Tuesday, April 29, 2014

the poet of emotion

The Word for today:
Luke 19:29-46
mark this: Luke 19: 41…45 --
But as they came closer to Jerusalem and Jesus saw the city ahead, he began to cry…
Then Jesus entered the Temple and began to drive out the merchants from their stalls.
Are you emotionally demonstrative? Well, if you are, then you're like Jesus!
Jesus created the emotions. As Lord over his creation, he was Lord over his emotions as well. And yet, he allowed them their full expression. In today's reading, for example, Jesus had no sooner experienced the adulation of the cheering crowds than he began to weep over them:
And when he drew near and saw the city, he wept over it, saying, "Would that you, even you, had known on this day the things that make for peace! But now they are hidden from your eyes. For the days will come upon you, when your enemies will set up a barricade around you and surround you and hem you in on every side and tear you down to the ground, you and your children within you. And they will not leave one stone upon another in you, because you did not know the time of your visitation." (Luke 19:41-44)
Then abruptly, seemingly without transition, Jesus' anger stirs him to drive out the money changers in the Temple:
Then He went into the temple and began to drive out those who bought and sold in it, saying to them, "It is written, 'My house is a house of prayer,' but you have made it a 'den of thieves.' " (Luke 19:45-46)
I have an idea that emotions were not just feelings to Jesus. He felt emotion, of course, but he also employed emotion as a means of expression. He utilized emotion like a violinist utilizes his bow, like a poet utilizes words.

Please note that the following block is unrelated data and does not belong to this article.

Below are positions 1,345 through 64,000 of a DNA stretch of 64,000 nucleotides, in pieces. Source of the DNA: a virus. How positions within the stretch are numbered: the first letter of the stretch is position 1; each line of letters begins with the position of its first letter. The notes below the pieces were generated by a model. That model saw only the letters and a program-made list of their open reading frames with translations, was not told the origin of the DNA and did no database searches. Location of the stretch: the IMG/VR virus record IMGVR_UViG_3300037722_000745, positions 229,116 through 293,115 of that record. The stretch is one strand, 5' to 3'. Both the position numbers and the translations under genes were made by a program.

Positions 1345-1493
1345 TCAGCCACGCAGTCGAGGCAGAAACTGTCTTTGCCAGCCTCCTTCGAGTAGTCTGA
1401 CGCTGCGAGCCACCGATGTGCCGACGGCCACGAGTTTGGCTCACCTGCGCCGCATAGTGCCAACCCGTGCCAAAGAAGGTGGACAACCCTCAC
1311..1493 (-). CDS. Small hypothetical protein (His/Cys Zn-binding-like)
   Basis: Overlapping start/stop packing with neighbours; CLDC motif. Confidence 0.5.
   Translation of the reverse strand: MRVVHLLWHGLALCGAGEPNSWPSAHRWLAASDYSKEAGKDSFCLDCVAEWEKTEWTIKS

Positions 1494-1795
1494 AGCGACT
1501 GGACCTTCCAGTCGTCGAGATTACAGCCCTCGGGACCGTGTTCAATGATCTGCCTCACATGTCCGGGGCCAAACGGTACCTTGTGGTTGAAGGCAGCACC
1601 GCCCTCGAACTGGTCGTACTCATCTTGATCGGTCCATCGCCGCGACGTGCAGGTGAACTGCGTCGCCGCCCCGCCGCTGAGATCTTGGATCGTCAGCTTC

The man in Jesus was subject to emotions; he felt them. The God in Jesus commandeered emotions, making them subject to him.
Jesus' tears told his heart. Jesus' anger spoke his mind. He was the poet of emotion.
When I was a kid, they told me to stifle tears. When I became a man, they told me to stifle anger.
Jesus' Father never told him anything of the sort. So to all of you overt types, I propose that we continue to wear our emotions right on our sleeves. And if anyone tells us we're being too demonstrative, let's turn the tables and tell them that they're not demonstrative enough! With the life I've got left, I fully intend to become happier, sadder, angrier, and giddier (whether or not that's a word) than I ever was before.
Emotions can ride us right into the ground. But, as Jesus demonstrated, they can also be a divine language. So whenever people tell you that you've got to deal with your emotions, just emote--and tell them to deal with it!

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